Now we are in the 21st century but it is still a war that generates an emotional response and this book effervesces on that emotion. The Boer War happened more than 100 years ago but its legacy lingered in memory and family histories for generations. The museum’s selected 100 iconic objects gives a certain raw edginess to those memories. The idea of “doing history” in 100 objects is now well established. We have already had Neil MacGregor’s History of the World in 100 Objects, which started as a BBC series in 2010 and drew on artefacts from the British Museum. Then there was The History of the First World War in 100 Objects by Gary Sheffield (2015). I see that there is also a history of Ireland in 100 Objects. There’s a history of the Universe in 100 objects, or the history of Football in 100 objects and even a history of the Future in 100 objects. Clearly it is a publishing gimmick that works and sells books. People are rediscovering history through “things” the cultural survivals and collected and collectable items that arrived in museums.
The 100 objects method works well too as a teaching tool. History stops being dry and instead becomes a treasure hunt. Using objects and items that have survived is an excellent way of bringing history to life in the classroom. There is a real challenge in making events that happened more than a century ago relevant to the child of today; too often even the university student sees history as starting just the year before he was born. Well this is a book to spark an interest and it has all the hallmarks of passionate partisan history that sparks interest and hopefully leads to questions. I believe though that its books such as this that has fed a revival of interest in history and although there is a tension between museum visibility and authoritative history, it is an approach that connects modern people with their ancestors of perhaps four or so generations ao.
The limitations of this type of history is that it is history for the internet and television age. Interpretation, nuance and depth are lost. Simplification and a tangible feel result in a sound bite look to the page. Attention spans need stretch no further than a box on a page and an accompanying illustration. But I am being harsh, as this book’s clear objective is to showcase the collection of a museum and if it serves the purpose of scooping up the curious and leading them to ask questions about items behind glass then the museum itself gains new enthusiasts. There is a select bibliography and I see that two of my favourite Boer War books (Packenham and Judd and R Kruger are here ) but I would also have included JS Marais and G H L Le May. So by all means read and buy the Anglo Boer War in 100 objects but then step out of the museum and into a library to tackle more literature of this war that shaped the South African 20th century and had a powerful influence on the world we inherited.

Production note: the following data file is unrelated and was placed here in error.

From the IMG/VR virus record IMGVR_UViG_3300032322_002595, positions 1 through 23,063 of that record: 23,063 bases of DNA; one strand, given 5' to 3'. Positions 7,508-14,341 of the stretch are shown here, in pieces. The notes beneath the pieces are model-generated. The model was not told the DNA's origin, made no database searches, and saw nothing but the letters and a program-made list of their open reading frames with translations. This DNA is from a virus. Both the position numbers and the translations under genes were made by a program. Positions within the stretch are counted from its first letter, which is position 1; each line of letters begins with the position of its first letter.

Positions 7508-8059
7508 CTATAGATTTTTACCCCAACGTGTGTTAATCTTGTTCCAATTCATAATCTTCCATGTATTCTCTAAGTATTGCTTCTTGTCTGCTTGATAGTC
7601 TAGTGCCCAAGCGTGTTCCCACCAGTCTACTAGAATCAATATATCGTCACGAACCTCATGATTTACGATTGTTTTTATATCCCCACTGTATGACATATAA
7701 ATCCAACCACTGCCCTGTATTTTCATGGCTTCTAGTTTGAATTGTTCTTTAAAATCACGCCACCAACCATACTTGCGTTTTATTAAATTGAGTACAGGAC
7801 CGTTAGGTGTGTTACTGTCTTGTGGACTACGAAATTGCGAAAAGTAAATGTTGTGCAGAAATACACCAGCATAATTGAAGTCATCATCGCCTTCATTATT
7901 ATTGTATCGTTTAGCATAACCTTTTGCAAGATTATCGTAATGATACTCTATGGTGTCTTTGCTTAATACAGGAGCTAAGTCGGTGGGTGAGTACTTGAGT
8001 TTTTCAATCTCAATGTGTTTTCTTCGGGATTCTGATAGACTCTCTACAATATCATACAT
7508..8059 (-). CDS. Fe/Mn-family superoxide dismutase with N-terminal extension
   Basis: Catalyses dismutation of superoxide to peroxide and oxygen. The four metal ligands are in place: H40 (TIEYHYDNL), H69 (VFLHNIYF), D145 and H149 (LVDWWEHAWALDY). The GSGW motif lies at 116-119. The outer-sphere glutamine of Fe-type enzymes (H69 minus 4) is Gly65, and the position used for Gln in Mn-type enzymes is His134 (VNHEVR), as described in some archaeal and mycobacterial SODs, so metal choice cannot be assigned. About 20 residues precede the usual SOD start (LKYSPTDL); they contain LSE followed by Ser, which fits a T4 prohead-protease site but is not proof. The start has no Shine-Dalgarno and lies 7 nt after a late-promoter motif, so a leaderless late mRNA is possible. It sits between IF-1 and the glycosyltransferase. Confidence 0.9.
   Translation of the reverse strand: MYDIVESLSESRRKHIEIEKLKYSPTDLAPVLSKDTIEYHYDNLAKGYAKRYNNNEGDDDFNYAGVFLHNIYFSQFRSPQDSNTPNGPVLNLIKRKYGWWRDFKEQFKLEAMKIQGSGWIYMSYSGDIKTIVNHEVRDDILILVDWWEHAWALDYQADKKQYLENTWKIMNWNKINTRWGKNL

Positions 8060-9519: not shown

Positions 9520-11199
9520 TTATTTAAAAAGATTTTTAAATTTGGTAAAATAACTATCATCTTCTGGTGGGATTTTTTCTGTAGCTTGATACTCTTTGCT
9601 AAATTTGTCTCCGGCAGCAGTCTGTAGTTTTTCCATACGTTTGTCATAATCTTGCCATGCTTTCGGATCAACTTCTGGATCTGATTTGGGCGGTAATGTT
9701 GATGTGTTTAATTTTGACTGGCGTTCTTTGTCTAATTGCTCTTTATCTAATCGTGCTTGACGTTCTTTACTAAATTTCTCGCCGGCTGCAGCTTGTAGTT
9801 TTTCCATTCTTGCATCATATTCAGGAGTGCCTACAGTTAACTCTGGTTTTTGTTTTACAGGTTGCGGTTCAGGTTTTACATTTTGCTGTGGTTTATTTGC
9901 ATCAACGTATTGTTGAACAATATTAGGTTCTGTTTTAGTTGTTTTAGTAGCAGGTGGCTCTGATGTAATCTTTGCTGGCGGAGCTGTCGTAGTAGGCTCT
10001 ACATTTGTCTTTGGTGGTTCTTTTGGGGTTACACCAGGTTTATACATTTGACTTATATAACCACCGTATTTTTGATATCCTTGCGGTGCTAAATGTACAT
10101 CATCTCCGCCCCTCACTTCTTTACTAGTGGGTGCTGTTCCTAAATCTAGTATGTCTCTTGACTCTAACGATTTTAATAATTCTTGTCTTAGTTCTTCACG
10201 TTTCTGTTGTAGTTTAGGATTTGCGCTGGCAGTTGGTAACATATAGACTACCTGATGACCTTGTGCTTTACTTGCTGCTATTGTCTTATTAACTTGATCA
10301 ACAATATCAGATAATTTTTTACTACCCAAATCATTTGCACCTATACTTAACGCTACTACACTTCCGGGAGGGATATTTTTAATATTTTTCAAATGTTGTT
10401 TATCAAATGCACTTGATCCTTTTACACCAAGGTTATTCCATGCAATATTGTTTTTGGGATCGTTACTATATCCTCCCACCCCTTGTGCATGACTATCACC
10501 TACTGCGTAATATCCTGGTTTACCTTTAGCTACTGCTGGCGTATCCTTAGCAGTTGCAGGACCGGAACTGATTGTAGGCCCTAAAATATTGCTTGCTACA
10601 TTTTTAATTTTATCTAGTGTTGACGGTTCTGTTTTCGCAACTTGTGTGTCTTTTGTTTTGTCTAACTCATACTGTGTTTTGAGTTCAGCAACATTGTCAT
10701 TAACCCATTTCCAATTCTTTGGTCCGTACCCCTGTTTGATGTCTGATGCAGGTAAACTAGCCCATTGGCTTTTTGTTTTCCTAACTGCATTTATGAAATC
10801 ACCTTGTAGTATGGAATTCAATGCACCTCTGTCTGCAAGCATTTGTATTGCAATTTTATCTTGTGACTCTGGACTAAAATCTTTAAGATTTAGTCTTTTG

Kathy Munro is an Honorary Associate Professor in the School of Architecture and Planning at the University of the Witwatersrand. She enjoyed a long career as an academic and in management at Wits University. She trained as an economic historian. She is an enthusiastic book person and has built her own somewhat eclectic book collection over 40 years. Her interests cover Africana, Johannesburg history, history, art history, travel, business and banking histories. She researches and writes on historical architecture and heritage matters. She is a member of the Board of the Johannesburg Heritage Foundation and is a docent at the Wits Arts Museum. She is currently working on a couple of projects on Johannesburg architects and is researching South African architects, war cemeteries and memorials. Kathy is a member of the online book community the Library thing and recommends this cataloging website and worldwide network as a book lover's haven.